Name: Linda Schwimmer
Title: Vice president, New Jersey Health Care Quality Institute. She has been named to become the president when current institute chief David Knowlton retires in September.
Lives: In Princeton with her husband, Josh Lichtblau, an assistant state attorney general. They have two teenaged sons.
Why she matters: Schwimmer has become one of the top advocates for improving healthcare quality in the state. She wants consumers to have the information they need to make informed decisions about their own healthcare. And as she rises to lead one of the more respected healthcare policy nonprofits in the state, her visibility will only increase.
At the top of the institute’s agenda: Schwimmer wants all nine hospitals in New Jersey that currently don’t participate in the hospital quality surveys conducted by the Leapfrog Groups to join in – and she expects some of them to announce that they will get on board soon.
The institute works closely with the Leapfrog Group, which is one of several organizations that issue quality ratings of hospitals. Schwimmer said the unique advantages of the Leapfrog scores are that the methodology used is publicly available and that access to them is free.
Not a narrow-network foe: Schwimmer isn’t an opponent of so-called “narrow networks,” in which insurers limit the number of healthcare providers in order to lower costs and, theoretically, guarantee that patients receive high-quality care.
But the institute wants to make sure that all health plans include high-quality providers, and it is investigating what the proper role of government should be in regulating the size of networks, as well providing consumer access to information about the quality of providers.
“I do think it would be a mistake to design your network just on getting the lowest rates,” Schwimmer said.
On transparency: Schwimmer said the healthcare system doesn’t give consumers enough information, while increasingly expecting themto make choices about their care.
“We’ve already sort-of pushed the risk and the burden on them,” she said. “I feel like we’ve redesigned where we’re going to go (in requiring consumer choice) but we’re not necessarily being fair to people. I don’t think we’re giving them enough information to make smart decisions yet — or the tools — but I think we’ll get there.”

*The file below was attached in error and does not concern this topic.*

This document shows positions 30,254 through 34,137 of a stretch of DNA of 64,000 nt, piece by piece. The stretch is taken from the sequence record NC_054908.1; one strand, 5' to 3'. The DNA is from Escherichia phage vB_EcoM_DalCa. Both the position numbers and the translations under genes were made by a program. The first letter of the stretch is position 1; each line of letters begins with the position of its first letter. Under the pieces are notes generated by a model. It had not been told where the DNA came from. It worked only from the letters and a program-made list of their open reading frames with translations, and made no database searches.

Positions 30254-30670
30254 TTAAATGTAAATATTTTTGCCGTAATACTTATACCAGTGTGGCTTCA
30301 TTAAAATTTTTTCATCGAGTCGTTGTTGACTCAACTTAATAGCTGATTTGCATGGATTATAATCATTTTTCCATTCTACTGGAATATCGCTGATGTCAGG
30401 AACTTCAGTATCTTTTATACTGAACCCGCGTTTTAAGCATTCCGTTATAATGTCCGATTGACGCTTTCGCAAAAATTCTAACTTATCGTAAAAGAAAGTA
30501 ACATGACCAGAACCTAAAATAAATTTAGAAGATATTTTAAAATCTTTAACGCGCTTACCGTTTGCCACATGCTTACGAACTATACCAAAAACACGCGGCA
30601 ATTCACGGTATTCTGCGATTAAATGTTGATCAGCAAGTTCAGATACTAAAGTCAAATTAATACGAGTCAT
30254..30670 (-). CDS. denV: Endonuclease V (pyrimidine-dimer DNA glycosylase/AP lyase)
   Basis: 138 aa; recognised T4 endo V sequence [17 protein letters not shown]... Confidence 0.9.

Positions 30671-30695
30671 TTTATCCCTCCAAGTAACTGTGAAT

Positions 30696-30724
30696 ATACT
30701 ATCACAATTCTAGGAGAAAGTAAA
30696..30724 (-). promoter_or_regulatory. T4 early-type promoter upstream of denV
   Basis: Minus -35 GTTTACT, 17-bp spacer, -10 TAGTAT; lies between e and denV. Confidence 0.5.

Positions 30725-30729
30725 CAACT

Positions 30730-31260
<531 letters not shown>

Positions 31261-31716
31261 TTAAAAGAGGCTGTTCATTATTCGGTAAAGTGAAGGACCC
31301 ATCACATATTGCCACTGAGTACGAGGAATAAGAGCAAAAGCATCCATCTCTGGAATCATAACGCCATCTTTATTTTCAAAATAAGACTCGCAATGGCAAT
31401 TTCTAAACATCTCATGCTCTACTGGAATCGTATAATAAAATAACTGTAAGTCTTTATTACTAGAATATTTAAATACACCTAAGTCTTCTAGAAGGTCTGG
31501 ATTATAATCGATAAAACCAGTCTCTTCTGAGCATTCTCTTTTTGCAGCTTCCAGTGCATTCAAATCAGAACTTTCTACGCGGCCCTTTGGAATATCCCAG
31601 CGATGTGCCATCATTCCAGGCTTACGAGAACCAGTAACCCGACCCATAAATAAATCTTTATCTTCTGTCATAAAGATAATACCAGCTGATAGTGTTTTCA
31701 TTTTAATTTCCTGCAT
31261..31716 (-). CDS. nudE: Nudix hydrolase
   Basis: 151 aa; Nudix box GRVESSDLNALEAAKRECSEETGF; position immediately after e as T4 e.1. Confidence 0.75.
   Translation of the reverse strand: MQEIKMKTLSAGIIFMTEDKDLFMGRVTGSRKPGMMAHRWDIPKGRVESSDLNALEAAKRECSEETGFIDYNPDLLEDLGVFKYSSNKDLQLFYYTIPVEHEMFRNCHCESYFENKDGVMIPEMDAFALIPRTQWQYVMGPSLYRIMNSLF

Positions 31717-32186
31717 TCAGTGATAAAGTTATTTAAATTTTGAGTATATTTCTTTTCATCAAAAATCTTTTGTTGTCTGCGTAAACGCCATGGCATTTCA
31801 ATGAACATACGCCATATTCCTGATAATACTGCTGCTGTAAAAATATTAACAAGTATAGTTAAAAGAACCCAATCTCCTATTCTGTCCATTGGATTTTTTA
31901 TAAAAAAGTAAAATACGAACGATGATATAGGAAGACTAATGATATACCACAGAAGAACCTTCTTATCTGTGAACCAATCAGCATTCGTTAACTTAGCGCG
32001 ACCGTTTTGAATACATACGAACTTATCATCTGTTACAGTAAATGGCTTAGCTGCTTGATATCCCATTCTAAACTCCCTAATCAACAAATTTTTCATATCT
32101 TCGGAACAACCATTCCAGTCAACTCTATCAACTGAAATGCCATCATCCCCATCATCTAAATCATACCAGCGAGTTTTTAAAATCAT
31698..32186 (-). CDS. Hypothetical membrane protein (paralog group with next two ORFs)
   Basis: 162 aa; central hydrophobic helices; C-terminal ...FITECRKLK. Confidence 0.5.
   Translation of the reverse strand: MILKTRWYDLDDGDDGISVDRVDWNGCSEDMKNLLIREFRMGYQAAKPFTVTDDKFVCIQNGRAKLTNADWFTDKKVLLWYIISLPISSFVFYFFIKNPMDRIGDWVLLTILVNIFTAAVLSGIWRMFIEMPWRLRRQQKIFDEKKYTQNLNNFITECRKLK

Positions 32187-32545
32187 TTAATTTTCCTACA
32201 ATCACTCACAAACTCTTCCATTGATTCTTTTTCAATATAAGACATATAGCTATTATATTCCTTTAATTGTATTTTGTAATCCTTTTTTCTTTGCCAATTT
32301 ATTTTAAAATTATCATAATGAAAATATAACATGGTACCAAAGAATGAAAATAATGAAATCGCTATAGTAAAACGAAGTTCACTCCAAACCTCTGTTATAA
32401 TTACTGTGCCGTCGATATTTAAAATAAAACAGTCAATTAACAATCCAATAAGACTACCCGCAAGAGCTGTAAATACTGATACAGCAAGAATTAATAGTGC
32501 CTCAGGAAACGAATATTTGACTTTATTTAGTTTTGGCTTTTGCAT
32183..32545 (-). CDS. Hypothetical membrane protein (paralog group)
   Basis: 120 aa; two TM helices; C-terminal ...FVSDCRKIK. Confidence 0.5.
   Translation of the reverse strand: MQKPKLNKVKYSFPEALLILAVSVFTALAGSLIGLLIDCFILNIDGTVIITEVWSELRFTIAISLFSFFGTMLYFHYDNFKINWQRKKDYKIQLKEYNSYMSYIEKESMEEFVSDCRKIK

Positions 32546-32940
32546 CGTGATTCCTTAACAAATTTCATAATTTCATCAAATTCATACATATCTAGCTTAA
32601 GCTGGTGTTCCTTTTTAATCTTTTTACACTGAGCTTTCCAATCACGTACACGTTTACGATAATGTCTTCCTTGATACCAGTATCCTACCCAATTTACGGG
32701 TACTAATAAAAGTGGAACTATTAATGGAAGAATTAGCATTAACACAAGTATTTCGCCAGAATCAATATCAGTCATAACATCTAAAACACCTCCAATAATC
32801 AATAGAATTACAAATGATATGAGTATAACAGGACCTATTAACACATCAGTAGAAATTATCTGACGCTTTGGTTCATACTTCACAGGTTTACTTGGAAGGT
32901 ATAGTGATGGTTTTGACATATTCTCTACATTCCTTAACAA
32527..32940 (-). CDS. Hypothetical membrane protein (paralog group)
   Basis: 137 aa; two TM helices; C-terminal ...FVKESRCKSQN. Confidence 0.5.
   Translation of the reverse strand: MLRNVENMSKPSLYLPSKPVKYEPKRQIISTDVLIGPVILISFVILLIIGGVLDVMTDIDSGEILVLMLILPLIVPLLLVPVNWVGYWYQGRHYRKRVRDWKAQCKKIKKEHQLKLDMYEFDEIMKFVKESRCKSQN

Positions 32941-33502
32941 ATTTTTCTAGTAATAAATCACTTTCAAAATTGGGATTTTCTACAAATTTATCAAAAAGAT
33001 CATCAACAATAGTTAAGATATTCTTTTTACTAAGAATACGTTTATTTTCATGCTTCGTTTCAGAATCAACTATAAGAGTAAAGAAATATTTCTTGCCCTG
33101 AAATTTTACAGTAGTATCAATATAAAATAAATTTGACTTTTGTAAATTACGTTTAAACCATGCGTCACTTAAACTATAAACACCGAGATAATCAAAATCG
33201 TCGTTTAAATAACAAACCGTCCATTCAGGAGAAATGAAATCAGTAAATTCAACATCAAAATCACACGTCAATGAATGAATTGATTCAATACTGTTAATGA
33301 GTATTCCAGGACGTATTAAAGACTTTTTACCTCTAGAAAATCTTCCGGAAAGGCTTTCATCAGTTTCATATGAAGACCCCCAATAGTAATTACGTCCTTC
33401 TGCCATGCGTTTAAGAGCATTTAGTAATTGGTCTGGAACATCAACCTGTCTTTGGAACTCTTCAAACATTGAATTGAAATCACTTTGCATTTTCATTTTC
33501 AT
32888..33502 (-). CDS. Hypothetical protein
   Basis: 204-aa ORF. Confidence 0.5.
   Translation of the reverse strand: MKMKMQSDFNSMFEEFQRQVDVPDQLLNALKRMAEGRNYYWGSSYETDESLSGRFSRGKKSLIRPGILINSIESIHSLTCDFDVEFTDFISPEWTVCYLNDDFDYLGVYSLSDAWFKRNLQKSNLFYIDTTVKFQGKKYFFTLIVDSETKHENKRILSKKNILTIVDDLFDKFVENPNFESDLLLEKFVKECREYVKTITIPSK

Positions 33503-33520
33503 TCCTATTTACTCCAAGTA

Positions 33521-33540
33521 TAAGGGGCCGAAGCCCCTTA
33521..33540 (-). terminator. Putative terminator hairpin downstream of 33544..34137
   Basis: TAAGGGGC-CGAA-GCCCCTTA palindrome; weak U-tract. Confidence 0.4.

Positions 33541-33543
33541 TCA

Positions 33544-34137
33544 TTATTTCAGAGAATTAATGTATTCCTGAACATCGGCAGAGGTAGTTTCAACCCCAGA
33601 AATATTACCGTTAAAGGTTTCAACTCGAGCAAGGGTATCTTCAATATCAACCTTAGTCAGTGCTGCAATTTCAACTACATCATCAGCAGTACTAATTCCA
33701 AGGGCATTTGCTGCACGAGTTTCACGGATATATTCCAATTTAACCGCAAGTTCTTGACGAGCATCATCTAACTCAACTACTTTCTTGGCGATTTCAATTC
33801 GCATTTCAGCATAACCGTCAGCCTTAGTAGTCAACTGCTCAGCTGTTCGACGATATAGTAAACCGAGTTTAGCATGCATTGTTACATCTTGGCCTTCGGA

Family business: Schwimmer grew up in Long Beach, CA, where her father was an obstetrician-gynecologist in the Kaiser Permanente system. In addition, her father-in-law was an orthopedic surgeon at Mount Sinai Hospital in New York, and both her brother and brother-in-law are doctors.
“I’m the black sheep of the family, being a lawyer,” she said.
Bankruptcy lawyer: After attending the University of California at Berkeley, and Georgetown University Law Center, Schwimmer worked in bankruptcy law, eventually becoming a partner in Lawrence-based Markowitz, Gravelle & Schwimmer. She worked with small businesses, from Jersey Shore bars to family-owned pharmacies.
“The beauty of bankruptcy law is that they can get a clean start. They come and tell you all of their problems and you fix it, or at least try,” she said.
Whirlwind decade: At age 40, Schwimmer looked to switch careers, to “wake up every morning and be passionate” about work. She started to do volunteer work for the Senate Majority Office, which led to being hired as a committee staffer, including work on healthcare and health insurance laws. Over the following years, she moved to positions with the Department of Banking and Insurance and Horizon Healthcare Innovations – the division of the insurer that’s seeking to change the healthcare delivery system.
What she learned: Schwimmer said she took away something different from each job, all of which she applies in her current position. From the Legislature, she gained a deep understanding of the political as well as the policy process. At DOBI, she “got a better understanding of how hard it is to implement all of these crazy laws that the Legislature passes,” as well as how they affect doctors, hospitals and insurers. And at Horizon, she worked directly with primary-care doctors, providing them with patient data that they found valuable in changing how they provided care to patients, she said.
Perfect match: Schwimmer joined the institute in 2013, drawn to by the organization’s goal of working with all of the different healthcare interests to serve consumers.
“I like to try to convince people to work together to get to yes,” she said.
Plaudits from policymakers: Schwimmer has quickly had an impact on healthcare policy, according to Sen. Joseph F. Vitale (D-Middlesex), chairman of the Senate Health, Human Services, and Senior Citizens Committee.
“She’s obviously really smart,” but it’s her experience with both the legislative and executive arms of government, as well as the private sector, that’s “given her a very well-rounded perspective and understanding of the way these institutions work,” Vitale said. “People respect her judgment and her research.”
Out of network: Schwimmer worked closely with the sponsors of a bill that seeks to curtail unexpected high out-of-network hospital bills. She said she’s disappointed that it’s become a fight between some providers and the insurers, when “the group that ends of getting hurt in this fight and ends up getting hurt in the delay in solving the issue once and for all is really individual” patients.
Hobbies: Schwimmer enjoys running and gardening.
How she keeps up on healthcare policy: Schwimmer reads several blogs published by the journal Health Affairs, as well as the daily industry-news emails FierceHealthcare and FierceHealthPayer.